One-G Beading Thread from TOHO
I’m gradually adding to my personal explorations of beading thread. I could just write about all the threads on the market, but I like to actually try them first. So, that way, I can share my real experience, not just a theoretical guide. Now today, let’s take a look at One-G beading thread.
What is One-G beading thread?
I gave you a little clue in the blog title. This is a beading thread that has been developed by a bead manufacturer: TOHO. It is a nylon beading thread. So, for those of you who are new to beading, that means it feels a lot like a cotton or sewing thread. Yet, the nylon is super-strong.
Now, a lot of nylon threads have a nasty tendency to twist and knot very easily. Obviously, this is extremely frustrating if you’re trying to bead!
So, I had read that One-G has been treated to prevent this from happening. I’ve now had the opportunity to use the thread myself, and I can report that it has performed well.
I actually used this on a very big beading project, working with different types of beads. You can see the project in the photo below – it was my contribution to the TOHO Challenge for 2020.
So, as you can imagine, this really put the thread through its paces! And I didn’t struggle with knots, fraying and tangling. So, I would certainly recommend One-G beading thread.
Colours and sizes
Most beaders are divided as to whether nylon-based or monofilament-based beading threads are ‘better’. The real truth is, neither one is ‘better’. Some threads have definite advantages for certain types of project. And some beaders will find some threads more enjoyable to use.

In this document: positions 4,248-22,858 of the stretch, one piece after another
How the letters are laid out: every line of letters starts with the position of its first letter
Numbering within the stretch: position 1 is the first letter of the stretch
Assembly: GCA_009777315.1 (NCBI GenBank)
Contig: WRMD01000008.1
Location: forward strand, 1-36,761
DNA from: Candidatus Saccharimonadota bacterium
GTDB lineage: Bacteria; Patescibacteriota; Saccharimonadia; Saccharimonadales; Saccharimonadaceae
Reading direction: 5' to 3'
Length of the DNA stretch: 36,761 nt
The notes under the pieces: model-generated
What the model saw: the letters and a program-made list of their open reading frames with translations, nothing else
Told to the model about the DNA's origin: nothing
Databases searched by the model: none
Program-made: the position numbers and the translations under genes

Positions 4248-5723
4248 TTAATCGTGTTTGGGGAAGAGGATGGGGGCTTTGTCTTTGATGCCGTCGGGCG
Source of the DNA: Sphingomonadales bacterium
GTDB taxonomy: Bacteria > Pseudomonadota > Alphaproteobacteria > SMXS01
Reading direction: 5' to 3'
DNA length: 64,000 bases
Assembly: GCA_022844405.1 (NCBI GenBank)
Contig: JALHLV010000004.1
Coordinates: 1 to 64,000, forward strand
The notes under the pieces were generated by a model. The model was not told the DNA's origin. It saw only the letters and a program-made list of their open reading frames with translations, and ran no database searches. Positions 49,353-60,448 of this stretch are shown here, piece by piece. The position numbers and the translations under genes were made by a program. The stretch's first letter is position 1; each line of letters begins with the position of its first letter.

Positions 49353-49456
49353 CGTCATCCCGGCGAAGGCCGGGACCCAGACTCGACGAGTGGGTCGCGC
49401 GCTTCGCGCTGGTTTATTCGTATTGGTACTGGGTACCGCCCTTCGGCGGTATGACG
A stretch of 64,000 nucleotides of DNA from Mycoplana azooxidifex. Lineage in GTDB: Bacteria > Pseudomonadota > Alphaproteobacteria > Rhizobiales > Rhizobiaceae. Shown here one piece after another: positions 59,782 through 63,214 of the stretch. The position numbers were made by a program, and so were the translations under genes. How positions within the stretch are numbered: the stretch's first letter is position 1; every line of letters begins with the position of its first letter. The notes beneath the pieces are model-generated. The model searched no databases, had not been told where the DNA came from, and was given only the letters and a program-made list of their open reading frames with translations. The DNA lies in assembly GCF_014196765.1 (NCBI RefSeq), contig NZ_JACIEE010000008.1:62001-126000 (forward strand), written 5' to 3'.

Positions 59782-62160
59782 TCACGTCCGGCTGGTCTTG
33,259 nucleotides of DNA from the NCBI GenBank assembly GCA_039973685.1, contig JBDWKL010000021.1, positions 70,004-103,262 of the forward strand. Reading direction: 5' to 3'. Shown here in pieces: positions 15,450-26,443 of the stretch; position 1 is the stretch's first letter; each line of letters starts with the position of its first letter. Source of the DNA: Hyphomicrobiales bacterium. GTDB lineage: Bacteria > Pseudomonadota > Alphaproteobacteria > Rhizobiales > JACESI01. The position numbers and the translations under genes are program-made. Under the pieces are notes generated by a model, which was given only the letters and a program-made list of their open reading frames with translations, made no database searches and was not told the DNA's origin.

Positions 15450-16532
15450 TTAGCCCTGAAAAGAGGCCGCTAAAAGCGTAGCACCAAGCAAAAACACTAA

So, my advice is always to try out different options and discover what works well for you.
Having said that, one of the great advantages of the nylon-based threads is their colour. You see, your thread will show through your beads to some degree. So, its colour can affect how your beads appear.
Also, in some techniques, there is more visible thread between the beads. So, that can mean you want to match your thread colour to your beads. This brand of thread is available in 12 colours currently (10 ‘colours’, plus black and white). The colours are beautiful, and don’t come off when working.
You can also choose different spool sizes. So, the smallest spools contain 50 yards of thread. The largest contains 250 yards. That will go a long way!
The standard thickness has been designed to work with the TOHO beads, but of course it works with other brands as well.
Choosing your thread
Now, I’ve written a few blogs on beading thread. Aside from looking at individual threads, I’ve also spoken about choosing your thread. I’ve answered some questions about why I most often use Fireline, rather than any other thread. And, I’ve talked about how you can choose the best thread for your project if a designer hasn’t made a recommendation. So, you can check out all those posts in this section.
I hope this little article has given you some idea of what this kind of thread is. You can certainly use it with any seed beads, and for both bead-weaving, loomwork, and bead embroidery projects. So, it’s a versatile thread, great to use, and certainly another option for you to try.
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Katie, I have used Nymo Nylon thread for a long time (I have been beading for 25 years…when the choices for thread were Nymo or Silamide!) . I have always found that it tends to split (the needle going through the thread on a second pass) or fray. Does G-1 split the same way? or fray?
Hi Karen, I remember the good old days when Nymo and silamide were the only options! Like you, I used Nymo for many years, until better things came along. So, to answer your question, everyone has different experiences with thread, so the best way to find what works for you is to try some different options. My personal experience with One-G is that it doesn’t split or fray like Nymo, so it is something I am happy using. Definitely give it a try and see how you get on with it.
Thank you, Katie.